The main problem, however, is that SPD does not uncover any temporal coordination. According to a Kingston representative, "they only tune the primary time settings (CL, RCD, RP, RAS)," and since the SPD system for storing XMP profiles contains only a limited number of entries, the rest is up to the motherboard decide what does not always make the right choice. In my case, the "auto" settings on my ASUS motherboard set some strange values for some of the timings. My RAM kit refused to use the XMP profile immediately, until I set the timings myself.
How to Determine the Perfect RAM Timings
Although overclocking RAM is fairly safe, it's also a bit more complicated than just turning the dial up. If you're using an AMD Ryzen system, you're in luck because there's a tool called "Ryzen DRAM Calculator" that simplifies the whole process. The calculator will give you some trouble trying it out and you will not have to leave the RAM in the "AUTO" settings on your motherboard.
For Intel systems, this tool is still handy as a guide for the primary computer, and the built-in memory tester works the same way. You should also download this if you are not working on an AMD system.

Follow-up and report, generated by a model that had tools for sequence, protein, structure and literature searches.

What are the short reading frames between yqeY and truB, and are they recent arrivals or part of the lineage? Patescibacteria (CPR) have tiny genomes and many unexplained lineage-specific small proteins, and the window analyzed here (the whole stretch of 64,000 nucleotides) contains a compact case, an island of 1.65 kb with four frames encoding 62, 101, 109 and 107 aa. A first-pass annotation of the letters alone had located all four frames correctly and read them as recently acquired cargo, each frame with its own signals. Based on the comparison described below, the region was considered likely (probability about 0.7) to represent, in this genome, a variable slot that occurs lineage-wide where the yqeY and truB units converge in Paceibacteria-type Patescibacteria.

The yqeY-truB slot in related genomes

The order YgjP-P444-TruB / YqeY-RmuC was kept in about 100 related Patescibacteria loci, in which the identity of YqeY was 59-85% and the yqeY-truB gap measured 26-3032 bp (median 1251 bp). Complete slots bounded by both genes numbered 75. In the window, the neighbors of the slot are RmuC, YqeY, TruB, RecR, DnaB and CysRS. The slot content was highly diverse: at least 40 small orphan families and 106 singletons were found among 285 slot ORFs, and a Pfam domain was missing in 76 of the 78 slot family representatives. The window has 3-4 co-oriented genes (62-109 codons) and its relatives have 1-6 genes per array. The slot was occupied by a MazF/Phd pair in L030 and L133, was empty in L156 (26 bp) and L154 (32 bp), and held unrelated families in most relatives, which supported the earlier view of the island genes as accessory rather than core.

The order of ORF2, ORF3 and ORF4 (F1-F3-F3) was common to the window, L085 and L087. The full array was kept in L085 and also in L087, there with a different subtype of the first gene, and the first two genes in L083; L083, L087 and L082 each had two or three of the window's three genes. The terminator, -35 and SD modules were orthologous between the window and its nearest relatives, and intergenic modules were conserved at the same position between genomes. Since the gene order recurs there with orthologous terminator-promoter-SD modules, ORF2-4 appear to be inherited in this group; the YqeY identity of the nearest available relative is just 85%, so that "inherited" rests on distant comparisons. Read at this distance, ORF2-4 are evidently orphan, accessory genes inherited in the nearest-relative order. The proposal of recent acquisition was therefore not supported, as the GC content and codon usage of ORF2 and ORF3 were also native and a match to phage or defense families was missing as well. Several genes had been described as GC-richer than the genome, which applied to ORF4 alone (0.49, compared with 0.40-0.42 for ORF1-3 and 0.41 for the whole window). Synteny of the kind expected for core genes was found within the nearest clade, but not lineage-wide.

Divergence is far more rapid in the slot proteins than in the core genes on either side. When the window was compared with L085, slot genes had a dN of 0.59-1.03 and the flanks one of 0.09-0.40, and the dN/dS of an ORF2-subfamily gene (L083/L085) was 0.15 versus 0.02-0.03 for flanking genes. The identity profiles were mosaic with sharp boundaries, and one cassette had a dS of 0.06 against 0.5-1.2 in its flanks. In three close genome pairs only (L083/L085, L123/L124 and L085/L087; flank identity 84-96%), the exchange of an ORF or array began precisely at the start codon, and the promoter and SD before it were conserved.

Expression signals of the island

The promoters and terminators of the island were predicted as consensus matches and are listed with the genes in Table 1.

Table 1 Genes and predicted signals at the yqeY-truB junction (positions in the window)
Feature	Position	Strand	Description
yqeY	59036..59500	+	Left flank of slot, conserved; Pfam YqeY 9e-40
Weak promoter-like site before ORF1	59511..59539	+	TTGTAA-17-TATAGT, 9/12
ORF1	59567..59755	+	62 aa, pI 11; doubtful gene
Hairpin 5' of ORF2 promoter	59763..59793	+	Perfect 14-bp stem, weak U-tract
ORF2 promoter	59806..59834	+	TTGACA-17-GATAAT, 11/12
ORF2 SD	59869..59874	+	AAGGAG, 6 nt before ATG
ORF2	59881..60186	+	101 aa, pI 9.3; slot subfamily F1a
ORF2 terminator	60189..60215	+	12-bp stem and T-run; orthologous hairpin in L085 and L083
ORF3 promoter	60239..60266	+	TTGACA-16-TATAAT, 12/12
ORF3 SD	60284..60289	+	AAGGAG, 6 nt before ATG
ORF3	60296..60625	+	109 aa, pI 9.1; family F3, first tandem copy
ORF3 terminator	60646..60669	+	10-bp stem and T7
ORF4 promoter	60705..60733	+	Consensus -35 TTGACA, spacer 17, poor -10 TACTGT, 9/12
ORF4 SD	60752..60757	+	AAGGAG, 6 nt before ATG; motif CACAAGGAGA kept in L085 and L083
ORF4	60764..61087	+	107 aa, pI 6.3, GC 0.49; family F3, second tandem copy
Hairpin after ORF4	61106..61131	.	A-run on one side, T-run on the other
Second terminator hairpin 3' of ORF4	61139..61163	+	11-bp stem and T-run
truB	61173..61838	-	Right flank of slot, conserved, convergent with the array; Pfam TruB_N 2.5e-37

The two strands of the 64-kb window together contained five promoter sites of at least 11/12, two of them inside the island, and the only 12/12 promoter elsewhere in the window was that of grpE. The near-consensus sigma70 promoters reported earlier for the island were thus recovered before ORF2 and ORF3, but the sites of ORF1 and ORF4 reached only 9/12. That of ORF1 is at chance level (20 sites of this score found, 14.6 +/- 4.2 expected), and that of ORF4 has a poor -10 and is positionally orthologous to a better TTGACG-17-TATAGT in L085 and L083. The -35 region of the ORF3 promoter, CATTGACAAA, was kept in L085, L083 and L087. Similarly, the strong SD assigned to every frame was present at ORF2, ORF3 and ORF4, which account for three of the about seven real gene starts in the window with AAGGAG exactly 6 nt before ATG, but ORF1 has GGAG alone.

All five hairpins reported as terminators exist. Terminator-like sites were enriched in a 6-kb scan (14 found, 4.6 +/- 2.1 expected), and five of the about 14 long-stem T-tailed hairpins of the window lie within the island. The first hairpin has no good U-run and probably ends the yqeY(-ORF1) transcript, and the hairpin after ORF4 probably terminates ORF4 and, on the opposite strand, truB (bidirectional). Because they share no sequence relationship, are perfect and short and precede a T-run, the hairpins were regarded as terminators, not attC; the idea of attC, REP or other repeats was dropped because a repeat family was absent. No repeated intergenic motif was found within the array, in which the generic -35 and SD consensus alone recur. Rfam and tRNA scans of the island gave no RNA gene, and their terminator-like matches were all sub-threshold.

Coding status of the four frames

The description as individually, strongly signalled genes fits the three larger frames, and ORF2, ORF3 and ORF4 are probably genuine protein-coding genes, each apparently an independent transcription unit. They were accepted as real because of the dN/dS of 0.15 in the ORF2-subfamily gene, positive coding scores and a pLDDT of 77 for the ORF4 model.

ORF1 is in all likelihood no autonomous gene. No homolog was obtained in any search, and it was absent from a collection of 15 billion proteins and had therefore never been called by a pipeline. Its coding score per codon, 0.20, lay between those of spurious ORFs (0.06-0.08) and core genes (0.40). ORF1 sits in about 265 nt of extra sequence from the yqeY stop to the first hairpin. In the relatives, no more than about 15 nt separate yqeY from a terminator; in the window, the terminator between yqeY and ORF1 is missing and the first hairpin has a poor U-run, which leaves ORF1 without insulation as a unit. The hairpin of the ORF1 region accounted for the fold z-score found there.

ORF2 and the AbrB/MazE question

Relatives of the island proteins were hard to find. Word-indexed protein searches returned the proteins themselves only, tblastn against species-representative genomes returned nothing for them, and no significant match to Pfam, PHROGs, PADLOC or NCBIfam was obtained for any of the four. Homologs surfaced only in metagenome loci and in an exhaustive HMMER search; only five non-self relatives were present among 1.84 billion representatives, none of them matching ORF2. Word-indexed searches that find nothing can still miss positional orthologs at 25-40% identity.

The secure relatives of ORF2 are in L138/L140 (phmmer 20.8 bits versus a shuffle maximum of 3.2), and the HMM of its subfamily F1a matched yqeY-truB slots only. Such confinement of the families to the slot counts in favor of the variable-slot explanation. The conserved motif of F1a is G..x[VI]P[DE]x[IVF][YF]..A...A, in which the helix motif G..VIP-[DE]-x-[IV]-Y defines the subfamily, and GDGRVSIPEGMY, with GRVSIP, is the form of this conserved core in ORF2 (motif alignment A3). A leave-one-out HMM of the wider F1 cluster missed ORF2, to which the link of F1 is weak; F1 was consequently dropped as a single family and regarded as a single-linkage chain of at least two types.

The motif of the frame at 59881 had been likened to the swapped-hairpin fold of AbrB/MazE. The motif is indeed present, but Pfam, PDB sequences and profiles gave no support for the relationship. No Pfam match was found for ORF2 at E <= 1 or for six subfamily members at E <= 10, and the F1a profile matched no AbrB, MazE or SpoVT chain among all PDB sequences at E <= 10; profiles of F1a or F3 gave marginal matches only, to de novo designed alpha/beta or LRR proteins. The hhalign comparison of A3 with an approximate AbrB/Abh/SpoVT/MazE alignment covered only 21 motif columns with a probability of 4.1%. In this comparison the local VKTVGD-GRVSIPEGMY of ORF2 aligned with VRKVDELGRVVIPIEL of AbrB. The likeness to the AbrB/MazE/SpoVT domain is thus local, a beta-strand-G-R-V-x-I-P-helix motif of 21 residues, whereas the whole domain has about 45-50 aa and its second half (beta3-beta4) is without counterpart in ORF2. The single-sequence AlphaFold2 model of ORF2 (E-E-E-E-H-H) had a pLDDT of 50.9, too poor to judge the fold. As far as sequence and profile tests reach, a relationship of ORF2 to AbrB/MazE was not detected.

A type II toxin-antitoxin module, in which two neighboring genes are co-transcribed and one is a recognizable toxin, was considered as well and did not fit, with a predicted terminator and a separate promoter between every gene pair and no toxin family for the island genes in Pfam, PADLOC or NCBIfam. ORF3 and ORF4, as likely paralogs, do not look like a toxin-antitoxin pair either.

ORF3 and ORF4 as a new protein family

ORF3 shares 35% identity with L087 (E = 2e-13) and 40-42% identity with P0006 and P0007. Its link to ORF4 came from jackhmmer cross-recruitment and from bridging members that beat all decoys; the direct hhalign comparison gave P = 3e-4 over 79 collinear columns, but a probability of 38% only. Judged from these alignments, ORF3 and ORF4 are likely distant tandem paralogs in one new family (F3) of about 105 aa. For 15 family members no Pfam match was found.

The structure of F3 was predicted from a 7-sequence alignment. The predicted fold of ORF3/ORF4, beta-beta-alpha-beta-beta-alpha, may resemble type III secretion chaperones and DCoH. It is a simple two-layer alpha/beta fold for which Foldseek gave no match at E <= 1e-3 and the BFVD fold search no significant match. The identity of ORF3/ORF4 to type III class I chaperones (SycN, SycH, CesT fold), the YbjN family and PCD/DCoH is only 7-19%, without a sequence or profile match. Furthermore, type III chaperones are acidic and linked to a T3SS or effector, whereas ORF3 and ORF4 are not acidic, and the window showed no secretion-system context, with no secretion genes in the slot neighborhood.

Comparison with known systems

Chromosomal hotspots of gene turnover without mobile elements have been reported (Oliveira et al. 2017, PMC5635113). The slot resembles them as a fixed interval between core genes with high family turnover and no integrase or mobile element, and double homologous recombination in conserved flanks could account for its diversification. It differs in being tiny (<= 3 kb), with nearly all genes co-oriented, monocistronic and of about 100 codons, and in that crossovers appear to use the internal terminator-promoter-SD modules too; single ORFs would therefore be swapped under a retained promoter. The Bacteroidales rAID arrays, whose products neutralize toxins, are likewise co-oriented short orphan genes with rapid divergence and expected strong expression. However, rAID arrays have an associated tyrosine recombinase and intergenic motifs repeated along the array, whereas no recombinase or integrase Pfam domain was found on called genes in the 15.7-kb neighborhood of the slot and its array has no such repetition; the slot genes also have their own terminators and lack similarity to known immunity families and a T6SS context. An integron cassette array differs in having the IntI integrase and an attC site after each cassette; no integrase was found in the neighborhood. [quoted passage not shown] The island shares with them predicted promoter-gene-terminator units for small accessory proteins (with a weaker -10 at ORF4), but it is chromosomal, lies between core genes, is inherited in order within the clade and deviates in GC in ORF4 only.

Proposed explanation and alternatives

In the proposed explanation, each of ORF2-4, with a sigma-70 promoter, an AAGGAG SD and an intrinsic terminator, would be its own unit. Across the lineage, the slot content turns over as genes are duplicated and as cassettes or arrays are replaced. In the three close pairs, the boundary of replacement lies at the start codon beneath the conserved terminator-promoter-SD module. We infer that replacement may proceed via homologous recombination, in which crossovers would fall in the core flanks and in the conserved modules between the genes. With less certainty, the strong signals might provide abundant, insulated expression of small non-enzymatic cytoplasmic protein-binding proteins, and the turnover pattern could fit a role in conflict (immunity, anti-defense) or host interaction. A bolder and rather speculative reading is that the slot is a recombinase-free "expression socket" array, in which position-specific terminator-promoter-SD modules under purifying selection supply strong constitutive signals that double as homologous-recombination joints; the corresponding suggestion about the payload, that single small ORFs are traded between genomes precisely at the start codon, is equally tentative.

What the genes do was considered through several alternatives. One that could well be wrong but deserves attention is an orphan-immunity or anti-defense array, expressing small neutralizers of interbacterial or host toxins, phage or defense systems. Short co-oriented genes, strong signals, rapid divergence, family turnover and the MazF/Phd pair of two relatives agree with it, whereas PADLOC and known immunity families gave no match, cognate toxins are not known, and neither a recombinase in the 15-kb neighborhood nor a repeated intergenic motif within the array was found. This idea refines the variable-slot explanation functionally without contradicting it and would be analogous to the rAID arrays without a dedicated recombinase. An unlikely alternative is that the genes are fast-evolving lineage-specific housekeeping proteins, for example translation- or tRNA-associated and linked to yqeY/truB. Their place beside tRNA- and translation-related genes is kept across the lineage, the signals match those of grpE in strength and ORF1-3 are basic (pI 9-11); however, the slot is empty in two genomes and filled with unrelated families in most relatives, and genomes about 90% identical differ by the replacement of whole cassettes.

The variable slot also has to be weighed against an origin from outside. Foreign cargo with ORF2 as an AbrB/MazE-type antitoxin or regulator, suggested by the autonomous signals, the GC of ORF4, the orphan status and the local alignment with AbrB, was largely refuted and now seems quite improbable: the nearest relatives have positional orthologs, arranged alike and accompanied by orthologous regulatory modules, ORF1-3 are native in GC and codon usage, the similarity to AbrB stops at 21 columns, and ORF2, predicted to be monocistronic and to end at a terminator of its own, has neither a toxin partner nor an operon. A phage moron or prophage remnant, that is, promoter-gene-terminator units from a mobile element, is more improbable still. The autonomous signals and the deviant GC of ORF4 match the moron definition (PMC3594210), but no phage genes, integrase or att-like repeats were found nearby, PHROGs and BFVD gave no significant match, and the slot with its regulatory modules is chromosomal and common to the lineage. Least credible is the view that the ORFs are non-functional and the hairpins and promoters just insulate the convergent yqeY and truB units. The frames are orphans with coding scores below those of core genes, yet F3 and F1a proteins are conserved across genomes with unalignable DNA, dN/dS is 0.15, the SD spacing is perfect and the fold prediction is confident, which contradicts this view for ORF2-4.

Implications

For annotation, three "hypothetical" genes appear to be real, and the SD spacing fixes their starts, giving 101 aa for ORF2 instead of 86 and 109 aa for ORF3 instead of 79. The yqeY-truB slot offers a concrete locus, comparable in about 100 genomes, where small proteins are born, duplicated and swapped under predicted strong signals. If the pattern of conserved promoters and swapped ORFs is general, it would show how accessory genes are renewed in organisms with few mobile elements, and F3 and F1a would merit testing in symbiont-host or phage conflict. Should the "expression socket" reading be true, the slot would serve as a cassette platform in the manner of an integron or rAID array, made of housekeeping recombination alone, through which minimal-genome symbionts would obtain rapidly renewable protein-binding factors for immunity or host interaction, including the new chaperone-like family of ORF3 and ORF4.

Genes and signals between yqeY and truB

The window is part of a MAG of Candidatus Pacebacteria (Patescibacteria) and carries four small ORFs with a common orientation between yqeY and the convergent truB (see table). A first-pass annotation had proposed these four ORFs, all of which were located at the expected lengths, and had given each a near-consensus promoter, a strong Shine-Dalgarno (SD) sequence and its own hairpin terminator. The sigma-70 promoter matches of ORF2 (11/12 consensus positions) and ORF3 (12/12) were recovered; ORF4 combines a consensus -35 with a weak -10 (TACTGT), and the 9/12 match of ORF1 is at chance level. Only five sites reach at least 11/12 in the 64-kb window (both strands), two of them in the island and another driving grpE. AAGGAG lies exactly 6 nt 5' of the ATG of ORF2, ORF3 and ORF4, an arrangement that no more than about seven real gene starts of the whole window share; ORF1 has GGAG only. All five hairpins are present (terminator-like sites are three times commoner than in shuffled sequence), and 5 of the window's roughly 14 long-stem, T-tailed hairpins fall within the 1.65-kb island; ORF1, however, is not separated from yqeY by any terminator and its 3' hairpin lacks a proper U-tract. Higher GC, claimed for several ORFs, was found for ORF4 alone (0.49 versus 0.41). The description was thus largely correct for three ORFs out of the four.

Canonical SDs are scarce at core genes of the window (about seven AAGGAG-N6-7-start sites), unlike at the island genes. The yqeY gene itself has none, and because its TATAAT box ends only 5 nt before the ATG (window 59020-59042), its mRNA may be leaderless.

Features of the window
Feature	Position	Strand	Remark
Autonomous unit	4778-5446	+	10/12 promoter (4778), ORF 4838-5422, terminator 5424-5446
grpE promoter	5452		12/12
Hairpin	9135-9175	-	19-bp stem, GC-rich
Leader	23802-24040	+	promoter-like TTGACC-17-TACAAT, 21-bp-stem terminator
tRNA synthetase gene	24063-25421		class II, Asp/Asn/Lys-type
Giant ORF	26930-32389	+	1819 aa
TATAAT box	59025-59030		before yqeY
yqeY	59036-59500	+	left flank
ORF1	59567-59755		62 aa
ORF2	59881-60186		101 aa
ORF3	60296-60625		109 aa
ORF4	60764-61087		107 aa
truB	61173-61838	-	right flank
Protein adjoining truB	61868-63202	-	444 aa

Open the tool and enter the Ryzen version (just enter Ryzen 2 Gen if you are working with Intel) and what kind of memory you have. If you do not know, you can find it online through a Google search for the part number of your RAM kit.
Press the purple button "R – XMP" below to load the XMP profile of your kit. Enter your Ryzen version and storage type and click "Calculate SAFE" to calculate your timings. Use the Compare Timings button to see a comparison with your XMP settings. You will find that many of the timings are aggravated.
The SAFE settings are almost always working. I had no problems with them at several frequencies at stock voltage. The FAST timings will probably work, but may not be stable at standard voltage.
To use this, you need to save a screenshot (bottom left is a button) and send it to a separate device You can view it in the BIOS.
Overclocking Memory in Your BIOS
Make sure you have a screenshot of the machine stored on a separate device (or somewhere written down), as the rest of the steps are executed in the BIOS without access to your desktop ,
Turn off your PC and restart it in its BIOS or UEFI firmware setup screen. You often need to repeatedly press a key such as "Delete" while the PC is starting up to access this screen. You will see a screen similar to the following: